Due to this TV's VA panel, it has an excellent contrast ratio, decent black uniformity, and its full-array local dimming feature helps deliver deeper blacks. It has great peak brightness in SDR, and it has decent reflection handling if you want to place it in a moderately-lit room. This TV upscales lower resolution content well, it removes judder from 24p sources like native apps or Blu-ray players, and it interpolates motion up to 60Hz, known as the 'Soap Opera Effect.' It has a composite in input that you don't need an adapter for, which isn't something we see on many TVs now, ideal if you still have old gaming consoles or DVD players. Lastly, it has built-in Android TV, so like the Sony X950H, it has a great selection of apps available to download.
Unfortunately, it has narrow viewing angles, so it's not suggested to use in wide seating arrangements. It also has a visible dirty screen effect in the center, which could get distracting during sports. It also has just okay out-of-the-box color accuracy, so you likely need to get this TV calibrated to enjoy it to the fullest. Overall, this is a TV that won't cut too deep into your wallet, making it the best 65 inch budget TV we've tested so far.
If you're a fan of the Roku operating system and want a TV with it built-in, check out the TCL 6 Series/65R625 2019. It doesn't have as good a response time as the Hisense H8G, but the Roku interface is easier to use than Android TV. The TCL is another budget TV with surprisingly good picture quality. It displays really deep blacks, and it has outstanding black uniformity and a full-array local dimming feature. HDR content on this TV also looks great because it displays a really wide color gamut, and it gets bright enough to bring out highlights. Unfortunately, it has disappointing out-of-the-box color accuracy, and it also has narrow viewing angles, which is typical of a VA panel. On the upside, it removes judder from any source, which is rare for a 60Hz TV, and it upscales lower resolution content well without any issues.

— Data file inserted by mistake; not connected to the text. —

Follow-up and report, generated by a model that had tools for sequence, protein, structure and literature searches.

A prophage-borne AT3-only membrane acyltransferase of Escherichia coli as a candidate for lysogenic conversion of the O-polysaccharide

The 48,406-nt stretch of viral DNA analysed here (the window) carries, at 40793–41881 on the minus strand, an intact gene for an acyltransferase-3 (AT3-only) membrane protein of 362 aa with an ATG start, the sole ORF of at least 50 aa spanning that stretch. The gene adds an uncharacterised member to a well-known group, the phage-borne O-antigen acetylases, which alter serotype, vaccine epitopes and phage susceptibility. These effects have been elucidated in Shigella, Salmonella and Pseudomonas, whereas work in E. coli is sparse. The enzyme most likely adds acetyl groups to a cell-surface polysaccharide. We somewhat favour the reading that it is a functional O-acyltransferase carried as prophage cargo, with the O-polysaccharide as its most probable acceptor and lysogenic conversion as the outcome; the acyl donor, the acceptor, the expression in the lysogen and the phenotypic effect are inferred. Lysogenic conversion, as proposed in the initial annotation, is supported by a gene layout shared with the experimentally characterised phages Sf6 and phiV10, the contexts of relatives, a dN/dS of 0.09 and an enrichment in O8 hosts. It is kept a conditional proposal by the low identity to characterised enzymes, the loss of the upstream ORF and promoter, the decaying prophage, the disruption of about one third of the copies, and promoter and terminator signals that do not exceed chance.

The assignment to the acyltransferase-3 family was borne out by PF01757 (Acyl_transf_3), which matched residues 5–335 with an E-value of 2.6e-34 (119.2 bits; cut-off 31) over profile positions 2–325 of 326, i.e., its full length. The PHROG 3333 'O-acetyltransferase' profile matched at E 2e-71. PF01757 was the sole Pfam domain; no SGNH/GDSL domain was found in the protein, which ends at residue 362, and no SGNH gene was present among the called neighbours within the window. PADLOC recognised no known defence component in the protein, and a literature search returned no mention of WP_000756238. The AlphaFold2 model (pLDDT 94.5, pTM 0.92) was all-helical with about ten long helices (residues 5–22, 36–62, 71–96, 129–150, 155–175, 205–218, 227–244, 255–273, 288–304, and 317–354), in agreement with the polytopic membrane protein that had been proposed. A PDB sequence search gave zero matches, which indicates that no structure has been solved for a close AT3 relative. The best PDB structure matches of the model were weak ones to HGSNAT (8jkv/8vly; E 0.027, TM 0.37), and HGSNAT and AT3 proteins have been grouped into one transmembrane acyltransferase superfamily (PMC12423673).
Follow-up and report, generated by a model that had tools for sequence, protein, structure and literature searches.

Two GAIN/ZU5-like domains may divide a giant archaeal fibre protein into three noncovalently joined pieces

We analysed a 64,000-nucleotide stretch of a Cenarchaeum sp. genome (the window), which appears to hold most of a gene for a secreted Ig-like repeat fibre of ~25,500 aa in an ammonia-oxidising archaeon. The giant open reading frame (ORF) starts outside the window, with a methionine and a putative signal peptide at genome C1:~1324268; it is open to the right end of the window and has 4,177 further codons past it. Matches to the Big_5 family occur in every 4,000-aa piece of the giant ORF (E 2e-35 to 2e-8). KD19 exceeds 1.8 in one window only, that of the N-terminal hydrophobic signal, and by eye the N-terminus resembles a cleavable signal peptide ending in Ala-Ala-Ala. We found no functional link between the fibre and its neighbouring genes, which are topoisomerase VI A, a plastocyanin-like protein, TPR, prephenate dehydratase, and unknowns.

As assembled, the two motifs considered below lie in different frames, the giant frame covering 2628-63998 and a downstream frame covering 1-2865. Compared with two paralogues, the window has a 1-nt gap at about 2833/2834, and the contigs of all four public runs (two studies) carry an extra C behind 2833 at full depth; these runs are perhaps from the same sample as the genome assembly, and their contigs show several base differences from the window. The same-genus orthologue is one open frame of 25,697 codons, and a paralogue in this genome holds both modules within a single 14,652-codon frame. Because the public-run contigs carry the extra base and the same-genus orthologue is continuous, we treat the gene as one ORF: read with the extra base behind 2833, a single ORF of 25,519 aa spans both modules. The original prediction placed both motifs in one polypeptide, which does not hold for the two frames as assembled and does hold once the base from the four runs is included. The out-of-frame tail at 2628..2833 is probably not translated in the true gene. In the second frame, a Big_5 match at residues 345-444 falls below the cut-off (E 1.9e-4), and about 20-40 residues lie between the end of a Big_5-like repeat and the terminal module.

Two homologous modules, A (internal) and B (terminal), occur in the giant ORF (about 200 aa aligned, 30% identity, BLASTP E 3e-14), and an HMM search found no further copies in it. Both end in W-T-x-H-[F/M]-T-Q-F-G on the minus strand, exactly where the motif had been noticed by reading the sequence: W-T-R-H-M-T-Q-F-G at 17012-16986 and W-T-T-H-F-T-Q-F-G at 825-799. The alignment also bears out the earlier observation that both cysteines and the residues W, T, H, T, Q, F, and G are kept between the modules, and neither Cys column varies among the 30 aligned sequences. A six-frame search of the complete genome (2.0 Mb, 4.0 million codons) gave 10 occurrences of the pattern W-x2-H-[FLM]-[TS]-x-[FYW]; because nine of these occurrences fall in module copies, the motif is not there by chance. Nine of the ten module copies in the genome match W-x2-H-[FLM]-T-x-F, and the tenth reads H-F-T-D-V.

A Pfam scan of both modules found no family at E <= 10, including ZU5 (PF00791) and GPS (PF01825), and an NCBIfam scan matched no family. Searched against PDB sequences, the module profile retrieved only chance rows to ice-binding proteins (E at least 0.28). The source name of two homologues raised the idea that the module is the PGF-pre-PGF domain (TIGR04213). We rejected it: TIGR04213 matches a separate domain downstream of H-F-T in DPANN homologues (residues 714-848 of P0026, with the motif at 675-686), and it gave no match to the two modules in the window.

Overall, if you want the best budget-friendly 65 inch TV we've tested so far, consider the Hisense, but if you want a TV with built-in Roku, look into the TCL.
07/09/2020: Added the LG CX OLED, Sony X950H, Samsung Q80T, Hisense H8G, TCL 6 Series; removed the LG B9 OLED, Samsung Q80R, Sony X950G, Samsung Q70R, LG SM9500, Hisense H9F, Hisense H8F.
05/29/2020: Minor text and structure changes; no change in recommendations.
05/01/2020: Replaced Sony X900F with Sony X950G, replaced LG SM9000 with LG SM9500.
Our recommendations above are what we think are currently the best 65 inch 4k TVs to buy for most people in each price range. We factor in the price (a cheaper TV wins over a pricier one if the difference isn't worth it), and availability (no TVs that are difficult to find or almost out of stock everywhere).
If you would like to do the work of choosing yourself, here is the list of all our reviews of TVs that have a 65 inch size. Be careful not to get too caught up in the details. While no TV is perfect, most TVs are great enough to please almost everyone, and the differences are often not noticeable unless you really look for them.